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Seattle partners with Nissan on EV program

Electrical infrastructure projects continue as Nissan gears up for U.S. commercial release of EVs in 2010.

Seattle Mayor Greg Nickels City of Seattle

The City of Seattle has partnered with Nissan North America to promote the development of an electric vehicle charging network in anticipation of Nissan's release of its highway-legal EV, Renault-Nissan Alliance and Seattle Mayor Greg Nickels announced Tuesday.

Nissan's commercially sold EV will have a different look than its EV-02 prototype, but the same functionality. The Nissan EV is expected to have a range of 100 miles on a single charge and be able to be charged within four to eight hours via a 220-volt outlet. The City of Seattle is planning to work with its local utility to come up with a program for installing the outlets--already commonly used in homes for electric laundry dryers--in interested residents' garages. It will also work to develop electric charging stations throughout Seattle.

The announcement is just one in a list of many U.S. communities that have begun to develop electrical charging stations in anticipation of Nissan's commercial EV release in the U.S. in 2010.

Last week Renault-Nissan Alliance announced a program in Tennessee. In March and April, Nissan announced partnerships with local Arizona governments to development a corridor of electric charging stations that would encompass the 116-mile stretch between Phoenix and Tucson, Ariz. as well as their surrounding areas.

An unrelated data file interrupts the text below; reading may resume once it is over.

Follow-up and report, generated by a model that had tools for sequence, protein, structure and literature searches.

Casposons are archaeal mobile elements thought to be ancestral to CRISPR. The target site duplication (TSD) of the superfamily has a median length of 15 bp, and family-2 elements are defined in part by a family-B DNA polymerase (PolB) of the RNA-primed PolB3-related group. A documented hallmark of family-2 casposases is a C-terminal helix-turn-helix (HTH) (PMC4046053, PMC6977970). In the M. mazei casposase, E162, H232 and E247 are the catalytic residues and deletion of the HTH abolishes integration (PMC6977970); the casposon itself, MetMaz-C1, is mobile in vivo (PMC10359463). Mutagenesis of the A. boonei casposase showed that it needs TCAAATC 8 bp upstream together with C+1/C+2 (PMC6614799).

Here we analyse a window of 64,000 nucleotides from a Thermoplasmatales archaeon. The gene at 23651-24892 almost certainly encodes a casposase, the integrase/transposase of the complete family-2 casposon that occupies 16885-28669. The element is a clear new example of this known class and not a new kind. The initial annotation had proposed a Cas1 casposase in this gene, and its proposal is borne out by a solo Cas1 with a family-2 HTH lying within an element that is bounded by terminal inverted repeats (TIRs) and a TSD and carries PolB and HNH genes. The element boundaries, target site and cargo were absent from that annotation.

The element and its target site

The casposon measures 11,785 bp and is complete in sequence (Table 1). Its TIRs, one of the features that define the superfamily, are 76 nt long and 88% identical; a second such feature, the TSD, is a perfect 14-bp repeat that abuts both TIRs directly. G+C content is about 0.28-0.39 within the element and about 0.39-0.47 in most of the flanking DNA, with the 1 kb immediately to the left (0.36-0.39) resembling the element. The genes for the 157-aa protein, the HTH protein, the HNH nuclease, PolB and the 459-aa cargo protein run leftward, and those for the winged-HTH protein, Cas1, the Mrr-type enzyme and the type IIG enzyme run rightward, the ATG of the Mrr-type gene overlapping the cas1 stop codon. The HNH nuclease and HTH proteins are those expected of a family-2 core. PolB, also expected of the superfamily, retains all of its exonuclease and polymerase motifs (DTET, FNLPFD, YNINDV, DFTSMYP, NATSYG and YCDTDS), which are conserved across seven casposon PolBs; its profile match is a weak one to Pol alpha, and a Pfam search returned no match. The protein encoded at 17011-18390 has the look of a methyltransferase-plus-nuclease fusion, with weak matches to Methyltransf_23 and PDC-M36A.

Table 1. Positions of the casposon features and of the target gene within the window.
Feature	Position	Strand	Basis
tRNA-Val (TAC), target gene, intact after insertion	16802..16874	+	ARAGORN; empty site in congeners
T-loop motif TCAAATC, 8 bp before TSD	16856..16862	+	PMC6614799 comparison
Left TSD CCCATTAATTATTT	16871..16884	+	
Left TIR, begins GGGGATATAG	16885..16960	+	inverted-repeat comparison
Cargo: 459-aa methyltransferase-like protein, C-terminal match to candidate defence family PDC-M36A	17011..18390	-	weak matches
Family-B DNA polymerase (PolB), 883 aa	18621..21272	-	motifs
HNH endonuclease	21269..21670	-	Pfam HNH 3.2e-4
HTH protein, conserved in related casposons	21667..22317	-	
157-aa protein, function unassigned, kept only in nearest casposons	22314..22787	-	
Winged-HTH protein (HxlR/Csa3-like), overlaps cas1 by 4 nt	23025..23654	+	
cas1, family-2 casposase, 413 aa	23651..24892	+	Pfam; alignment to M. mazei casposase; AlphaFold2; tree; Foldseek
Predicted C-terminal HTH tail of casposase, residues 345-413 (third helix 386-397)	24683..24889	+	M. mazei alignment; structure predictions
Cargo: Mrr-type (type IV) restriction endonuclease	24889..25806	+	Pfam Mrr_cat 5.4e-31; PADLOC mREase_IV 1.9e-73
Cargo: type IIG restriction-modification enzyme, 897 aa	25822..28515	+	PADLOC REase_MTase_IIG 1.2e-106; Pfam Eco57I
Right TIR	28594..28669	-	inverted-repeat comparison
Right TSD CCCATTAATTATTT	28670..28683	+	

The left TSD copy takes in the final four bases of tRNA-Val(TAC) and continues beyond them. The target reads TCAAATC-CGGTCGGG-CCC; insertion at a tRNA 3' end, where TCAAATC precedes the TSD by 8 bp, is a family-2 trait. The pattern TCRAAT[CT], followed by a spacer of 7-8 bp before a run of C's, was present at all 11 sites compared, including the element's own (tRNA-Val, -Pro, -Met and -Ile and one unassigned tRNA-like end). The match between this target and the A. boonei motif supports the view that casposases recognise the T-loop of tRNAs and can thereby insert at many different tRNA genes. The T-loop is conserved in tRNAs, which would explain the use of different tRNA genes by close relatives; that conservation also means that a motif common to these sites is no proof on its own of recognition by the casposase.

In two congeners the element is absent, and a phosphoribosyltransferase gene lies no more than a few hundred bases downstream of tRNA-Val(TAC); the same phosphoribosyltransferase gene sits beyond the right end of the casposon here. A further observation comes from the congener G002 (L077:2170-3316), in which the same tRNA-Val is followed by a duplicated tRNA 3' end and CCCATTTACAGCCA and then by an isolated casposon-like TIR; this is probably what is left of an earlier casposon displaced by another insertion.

That particular project includes a partnership with tech company Ecotality. Its CEO Jonathan Read has told CNET it will be building the Arizona stations to accommodate any EV that adheres to Society of Automotive Engineers standards for electric vehicles, not just Nissan's EV.

Nissan now has projects geared toward establishing electric charging stations in anticipation of its 2010 EV launch in the U.S. in Sonoma County and San Diego, Calif., Phoenix and Tucson, Ariz., Oregon, and Tennessee.

But the Seattle announcement is unique because the power source for the electric charging stations will be from City Light, the publically-owned utility who's claim to fame is that it's "net zero" for greenhouse gas emissions.

"From light rail to street cars to electric vehicles, we're reducing the impact of transportation on our climate. Electric-powered transportation is particularly attractive in a city with a carbon-neutral utility, generating clean electricity through hydropower," Seattle Mayor Greg Nickels said in a statement.